Reports are resurfacing of increased instances of the car wrap scam which has been around for a few years. We have all seen car wraps, which are advertisements for a company wrapped around a car. For someone looking for some money in return for very little effort, this may seem like a match made in heaven. But if you are not careful, it could be a match made in scam hell.
Car wrapping is actually legitimate, which is part of the problem. Scammers exploit legitimate advertising through car wraps by either putting an ad on the Internet or contacting you through a mass email in which they seek people to have their cars used for advertising through this technique called shrink wrapping. Unsuspecting victims respond to the advertisement and are sent a check for more than the amount that the victim is to be paid for the service. The victim is instructed to deposit the check in his or her bank account and wire the rest back to the company. This is where the scam comes in. The check that the scammer sends you is a counterfeit. However, unfortunately, the money that you wire the scammer comes right out of your bank account and is almost impossible to retrieve. Recently, in Maine, April Burgess received what she thought was an email from Budweiser recruiting her to wrap her car in their advertising for which she would be paid $400 a week. However, the check she received was for $1,850. She was told to send the $1,450 remainder of the check to the wrap artist. This made her suspicious and led to her being told by her bank that the check was counterfeit in time to keep her from falling for the scam. This scam of sending you a check for more than what you are to be paid and having you wire the balance is the basis of many different scams.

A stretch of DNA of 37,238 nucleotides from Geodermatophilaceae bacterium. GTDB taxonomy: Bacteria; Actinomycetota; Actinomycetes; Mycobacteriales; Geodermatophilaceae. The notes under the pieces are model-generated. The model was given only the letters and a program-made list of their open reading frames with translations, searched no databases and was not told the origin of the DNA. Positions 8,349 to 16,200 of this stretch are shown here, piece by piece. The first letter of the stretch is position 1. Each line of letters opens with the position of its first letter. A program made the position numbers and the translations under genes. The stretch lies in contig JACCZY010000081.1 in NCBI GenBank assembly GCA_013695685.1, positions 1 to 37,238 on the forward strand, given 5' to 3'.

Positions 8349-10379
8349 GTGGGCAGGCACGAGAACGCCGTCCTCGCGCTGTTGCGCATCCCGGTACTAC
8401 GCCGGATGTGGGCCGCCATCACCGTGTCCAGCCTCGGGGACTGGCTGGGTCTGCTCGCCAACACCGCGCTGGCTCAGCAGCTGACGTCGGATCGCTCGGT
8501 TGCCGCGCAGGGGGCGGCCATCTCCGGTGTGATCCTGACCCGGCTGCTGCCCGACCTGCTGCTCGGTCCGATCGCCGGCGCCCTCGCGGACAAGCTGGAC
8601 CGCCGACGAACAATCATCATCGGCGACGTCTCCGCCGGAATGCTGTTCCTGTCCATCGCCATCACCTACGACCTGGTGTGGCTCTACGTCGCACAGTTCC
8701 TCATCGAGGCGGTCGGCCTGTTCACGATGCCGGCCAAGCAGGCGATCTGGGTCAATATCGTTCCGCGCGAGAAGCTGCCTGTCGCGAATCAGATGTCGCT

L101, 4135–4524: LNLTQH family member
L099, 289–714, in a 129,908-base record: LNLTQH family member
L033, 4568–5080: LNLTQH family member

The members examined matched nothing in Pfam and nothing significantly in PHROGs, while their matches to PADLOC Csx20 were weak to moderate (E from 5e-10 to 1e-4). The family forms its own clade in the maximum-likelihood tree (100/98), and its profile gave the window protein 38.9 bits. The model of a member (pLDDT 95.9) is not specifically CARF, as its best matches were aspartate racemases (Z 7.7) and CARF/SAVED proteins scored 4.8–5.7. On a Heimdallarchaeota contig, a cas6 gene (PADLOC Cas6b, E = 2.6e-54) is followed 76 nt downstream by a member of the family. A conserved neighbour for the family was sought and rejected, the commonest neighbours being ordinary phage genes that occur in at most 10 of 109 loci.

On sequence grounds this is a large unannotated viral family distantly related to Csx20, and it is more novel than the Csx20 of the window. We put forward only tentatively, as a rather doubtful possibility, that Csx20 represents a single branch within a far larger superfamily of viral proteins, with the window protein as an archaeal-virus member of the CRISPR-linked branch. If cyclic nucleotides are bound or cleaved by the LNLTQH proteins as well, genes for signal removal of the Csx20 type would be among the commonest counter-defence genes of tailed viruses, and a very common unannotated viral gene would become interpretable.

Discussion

While there are legitimate companies that pay for car wrapping. None of them will ever send you an unsolicited email offering to pay you a specific amount to have your car wrapped. In addition, the FTC warns people about being particularly wary of car wrap opportunities that appear on social media and job boards. They are generally scams.
Always be wary if someone asks you to wire money to them as a part of a business transaction. Scammers do this all the time because it is quick and almost impossible to stop. In addition, even if you get what appears to be a certified check and wait a few days for the check to clear, you will still be out of luck because it takes weeks for a check to fully clear. Banks are required by law to give you conditional credit after a few days, which means that ultimately when the check turns out to be counterfeit, the credit is removed from your account and if you have, in turn, made checks or wired funds from you account assuming the check was legitimate, you are out of luck and will have lost your own money. A check sent to you by someone with whom you are doing business for whatever purpose that is more than the amount you are owed that comes with a request for you to send the overpayment amount back is always a scam. Don’t fall for it.
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